Conclusion: Weak BCLC enforcement of rules of conduct and poor compliance and oversight of casinos, leaving the industry vulnerable to uncontrolled criminal conduct and potentially to infiltration.

6. Paragon Gaming: Parent Co of Edgewater

All other projects and operations are on First Nations reserves in the US and Canada. All are small market. No international tourism expertise. No expertise with the Asian market.

BC’s model: Closed door bidding process with a single (geographically pre-selected) casino applicant, and no public input.

By contrast, Missouri recently awarded a casino license in an open, public, competitive bidding process, with multiple applicants and more than one physical location. The successful bidder demonstrated both strong community support via a referendum, and strong local roots in the community. Paragon Gaming was one of the bidders in this process, but was unable to garner a single vote of support from the Missouri Gaming Commission.

US small market casino operations have notoriety, particularly vis-à-vis political corruption. In more than one instance, individuals with some connection to Paragon Gaming or their advisors have been implicated, charged, or convicted on political corruption charges. A detailed background check on Paragon Gaming is recommended, including investigation of the relationship of Paragon principles with Milton McGregor and Robert Sigler (shareholder in Paragon Gaming Missouri) of Alabama.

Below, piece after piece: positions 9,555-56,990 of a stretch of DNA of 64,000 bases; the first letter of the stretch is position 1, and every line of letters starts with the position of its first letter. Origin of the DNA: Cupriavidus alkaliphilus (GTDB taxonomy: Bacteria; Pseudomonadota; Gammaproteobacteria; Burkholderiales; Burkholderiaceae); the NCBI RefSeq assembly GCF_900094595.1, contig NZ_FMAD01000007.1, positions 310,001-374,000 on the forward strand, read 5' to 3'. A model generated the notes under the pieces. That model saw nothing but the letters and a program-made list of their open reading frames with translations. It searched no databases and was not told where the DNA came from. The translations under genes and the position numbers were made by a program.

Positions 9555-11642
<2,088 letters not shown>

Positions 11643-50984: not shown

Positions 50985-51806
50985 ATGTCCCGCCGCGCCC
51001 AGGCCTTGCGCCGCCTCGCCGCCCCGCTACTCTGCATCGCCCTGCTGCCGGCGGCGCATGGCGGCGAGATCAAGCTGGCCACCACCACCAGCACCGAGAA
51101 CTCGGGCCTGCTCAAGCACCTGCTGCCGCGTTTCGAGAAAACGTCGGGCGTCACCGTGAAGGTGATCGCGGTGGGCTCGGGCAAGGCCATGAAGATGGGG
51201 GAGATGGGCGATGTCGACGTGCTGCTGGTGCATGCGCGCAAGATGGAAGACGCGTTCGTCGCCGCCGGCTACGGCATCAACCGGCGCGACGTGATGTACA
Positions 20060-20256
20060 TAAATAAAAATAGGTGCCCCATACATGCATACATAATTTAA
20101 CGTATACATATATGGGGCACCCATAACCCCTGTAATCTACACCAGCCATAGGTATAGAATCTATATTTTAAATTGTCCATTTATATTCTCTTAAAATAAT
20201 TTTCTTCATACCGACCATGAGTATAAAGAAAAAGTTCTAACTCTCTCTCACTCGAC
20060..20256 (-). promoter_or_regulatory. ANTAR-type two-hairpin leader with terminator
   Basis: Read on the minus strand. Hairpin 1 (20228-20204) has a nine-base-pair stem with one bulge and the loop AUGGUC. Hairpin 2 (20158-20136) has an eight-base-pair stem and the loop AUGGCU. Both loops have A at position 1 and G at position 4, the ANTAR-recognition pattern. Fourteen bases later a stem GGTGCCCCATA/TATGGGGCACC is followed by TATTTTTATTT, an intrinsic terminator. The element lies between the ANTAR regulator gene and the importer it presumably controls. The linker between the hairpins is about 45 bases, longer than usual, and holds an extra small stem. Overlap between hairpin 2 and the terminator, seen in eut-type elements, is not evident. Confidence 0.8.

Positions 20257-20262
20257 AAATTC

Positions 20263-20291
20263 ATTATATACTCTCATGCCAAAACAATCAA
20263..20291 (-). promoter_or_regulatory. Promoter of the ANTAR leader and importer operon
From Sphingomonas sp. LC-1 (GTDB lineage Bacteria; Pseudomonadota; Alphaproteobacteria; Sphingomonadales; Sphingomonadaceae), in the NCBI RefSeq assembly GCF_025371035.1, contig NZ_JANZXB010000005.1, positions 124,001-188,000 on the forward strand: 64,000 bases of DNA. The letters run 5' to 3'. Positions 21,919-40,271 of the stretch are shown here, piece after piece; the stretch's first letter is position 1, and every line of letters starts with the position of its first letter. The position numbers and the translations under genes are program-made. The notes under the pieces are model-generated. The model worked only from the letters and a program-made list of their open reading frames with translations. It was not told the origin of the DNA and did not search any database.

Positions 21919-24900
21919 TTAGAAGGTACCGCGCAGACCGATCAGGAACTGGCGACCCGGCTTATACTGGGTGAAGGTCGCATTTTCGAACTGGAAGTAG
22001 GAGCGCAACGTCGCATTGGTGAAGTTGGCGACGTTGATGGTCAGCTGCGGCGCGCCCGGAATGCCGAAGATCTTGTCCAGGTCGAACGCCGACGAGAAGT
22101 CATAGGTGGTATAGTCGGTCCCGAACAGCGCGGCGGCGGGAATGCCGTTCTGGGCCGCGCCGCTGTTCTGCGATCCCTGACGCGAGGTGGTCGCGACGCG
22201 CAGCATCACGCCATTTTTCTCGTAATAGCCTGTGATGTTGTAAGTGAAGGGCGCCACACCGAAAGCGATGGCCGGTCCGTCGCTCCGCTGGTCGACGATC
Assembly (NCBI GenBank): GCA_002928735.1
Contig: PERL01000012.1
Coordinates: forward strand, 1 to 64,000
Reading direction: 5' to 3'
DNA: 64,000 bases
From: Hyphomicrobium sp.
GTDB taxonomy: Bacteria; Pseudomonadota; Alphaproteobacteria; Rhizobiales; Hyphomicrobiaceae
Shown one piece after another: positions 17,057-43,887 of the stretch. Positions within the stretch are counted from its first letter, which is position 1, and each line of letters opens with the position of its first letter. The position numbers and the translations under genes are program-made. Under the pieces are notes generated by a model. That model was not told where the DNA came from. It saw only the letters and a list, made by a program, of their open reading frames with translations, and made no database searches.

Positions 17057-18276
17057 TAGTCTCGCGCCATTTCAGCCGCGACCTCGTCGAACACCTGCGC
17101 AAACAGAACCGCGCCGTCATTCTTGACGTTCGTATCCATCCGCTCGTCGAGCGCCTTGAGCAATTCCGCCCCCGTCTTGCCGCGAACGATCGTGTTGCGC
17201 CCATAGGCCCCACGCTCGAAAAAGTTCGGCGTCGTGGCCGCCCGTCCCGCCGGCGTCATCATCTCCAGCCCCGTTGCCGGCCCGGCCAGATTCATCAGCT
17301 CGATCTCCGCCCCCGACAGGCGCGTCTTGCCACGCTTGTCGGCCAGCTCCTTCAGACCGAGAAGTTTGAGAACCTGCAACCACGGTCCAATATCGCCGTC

Is the public, not the casino, in fact paying for BC Place Stadium roof?


Press release today from the NDP. Some good questions were asked. Will Rich Coleman and the BC Liberals answer? Why is so much casino revenue being funneled right back to the private casino owners?

Spencer Chandra Herbert
Official Opposition Critic for Tourism, Culture, and the Arts
MLA, Vancouver West End
www.spencerchandraherbert.ca

B.C. NDP CAUCUS
MEDIA RELEASE
Jan. 9, 2011

B.C. LIBERALS MUST ANSWER ON SUBSIDIES FOR PROPOSED EDGEWATER CASINO EXPANSION – NDP

VANCOUVER — As residents of Vancouver prepare to formally weigh in on the proposed Edgewater casino expansion, the B.C. Liberal government must let the public know whether the casino is going to end up being subsidized by taxpayers even while gaming grants for community groups are being cut, the B.C. New Democrats say.